Allowing States to Waive Health Care Standards Sets Worrisome Trend [OPINION]
The details of the Senate’s health care reform package are getting analyzed after the much-anticipated release on Thursday (June 22).
Senate Majority Leader Mitch McConnell says he wants to have a vote next week, before the Independence Day break.
There’s a lot to sort out, and really nothing is firm, even if the Senate approves the bill next week. The entire package will need to be negotiated by a conference committee with members from both chambers.
However, there is a theme that South Dakotans should pay attention to.
Both the House and Senate plans allow states to get waivers for some elements of the plan – mental health coverage – or let insurance companies charge more – pre-existing conditions.
Given the state’s track record, it’s a strong possibility that offered the chance to opt out of mental health benefits, it will. And if the Legislature and governor think they can save some coin by allowing higher costs for pre-existing conditions, they will.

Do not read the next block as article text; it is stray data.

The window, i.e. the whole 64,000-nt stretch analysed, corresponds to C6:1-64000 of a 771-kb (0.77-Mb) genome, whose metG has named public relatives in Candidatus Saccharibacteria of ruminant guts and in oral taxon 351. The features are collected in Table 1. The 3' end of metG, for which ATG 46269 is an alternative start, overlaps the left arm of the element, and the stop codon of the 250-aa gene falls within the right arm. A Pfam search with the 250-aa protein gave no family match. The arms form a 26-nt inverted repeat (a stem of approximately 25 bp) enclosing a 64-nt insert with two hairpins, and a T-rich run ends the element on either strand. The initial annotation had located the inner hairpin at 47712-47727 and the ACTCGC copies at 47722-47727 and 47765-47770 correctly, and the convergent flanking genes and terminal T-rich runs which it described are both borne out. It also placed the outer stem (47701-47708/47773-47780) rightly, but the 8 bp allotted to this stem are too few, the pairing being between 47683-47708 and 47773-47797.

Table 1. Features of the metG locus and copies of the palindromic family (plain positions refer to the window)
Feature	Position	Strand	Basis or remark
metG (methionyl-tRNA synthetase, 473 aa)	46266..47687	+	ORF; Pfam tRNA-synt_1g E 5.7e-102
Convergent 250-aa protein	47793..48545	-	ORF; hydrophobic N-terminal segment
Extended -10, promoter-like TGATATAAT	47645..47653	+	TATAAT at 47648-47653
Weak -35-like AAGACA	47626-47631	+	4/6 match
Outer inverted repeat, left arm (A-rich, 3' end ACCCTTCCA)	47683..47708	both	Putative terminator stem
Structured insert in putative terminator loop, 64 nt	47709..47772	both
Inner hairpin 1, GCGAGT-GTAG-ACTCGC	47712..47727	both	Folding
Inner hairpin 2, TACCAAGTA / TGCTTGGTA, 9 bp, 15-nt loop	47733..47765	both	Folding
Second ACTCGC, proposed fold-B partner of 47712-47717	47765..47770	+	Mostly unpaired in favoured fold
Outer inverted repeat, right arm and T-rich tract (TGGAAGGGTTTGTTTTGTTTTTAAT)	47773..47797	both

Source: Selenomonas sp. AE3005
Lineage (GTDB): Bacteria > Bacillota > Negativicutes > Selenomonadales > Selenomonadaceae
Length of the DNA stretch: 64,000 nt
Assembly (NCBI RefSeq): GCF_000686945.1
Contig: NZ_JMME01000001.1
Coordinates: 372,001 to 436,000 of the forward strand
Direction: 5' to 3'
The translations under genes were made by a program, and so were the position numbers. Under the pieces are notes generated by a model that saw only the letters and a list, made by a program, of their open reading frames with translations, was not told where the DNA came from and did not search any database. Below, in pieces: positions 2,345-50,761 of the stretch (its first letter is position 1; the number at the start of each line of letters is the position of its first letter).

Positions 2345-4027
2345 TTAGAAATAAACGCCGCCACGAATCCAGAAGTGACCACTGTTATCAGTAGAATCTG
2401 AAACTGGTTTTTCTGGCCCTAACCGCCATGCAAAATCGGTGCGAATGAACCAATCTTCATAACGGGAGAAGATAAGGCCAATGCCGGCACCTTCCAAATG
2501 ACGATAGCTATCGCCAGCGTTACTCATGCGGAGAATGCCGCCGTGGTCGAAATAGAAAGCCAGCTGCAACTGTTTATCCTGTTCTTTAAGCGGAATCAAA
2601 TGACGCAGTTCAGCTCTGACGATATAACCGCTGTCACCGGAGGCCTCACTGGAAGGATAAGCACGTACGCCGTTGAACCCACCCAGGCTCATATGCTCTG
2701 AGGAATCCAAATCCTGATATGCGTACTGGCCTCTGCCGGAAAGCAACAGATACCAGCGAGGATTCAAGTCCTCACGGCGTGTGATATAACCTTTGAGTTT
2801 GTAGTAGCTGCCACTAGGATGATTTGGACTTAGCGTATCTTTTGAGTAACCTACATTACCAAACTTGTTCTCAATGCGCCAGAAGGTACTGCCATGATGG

The concerning bit about that possibility – beyond the personal costs for people who can often least afford it – is that it allows for even wider gaps in health care between states.
Should a South Dakotan really have a lower level of access to mental health coverage, or pay more for a pre-existing condition, than a Minnesotan or an Iowan? That’s a very real possibility and, I believe, won’t serve the best interests of the citizens of our state.
We’ll see how it shakes out.
I’ll probably have more to say on this topic on the The Patrick Lalley Show on Monday. We hit the air live at 3, with the “P&L Statement” coming in about 3:15. Catch the first half-hour live on Facebook at my account for now.
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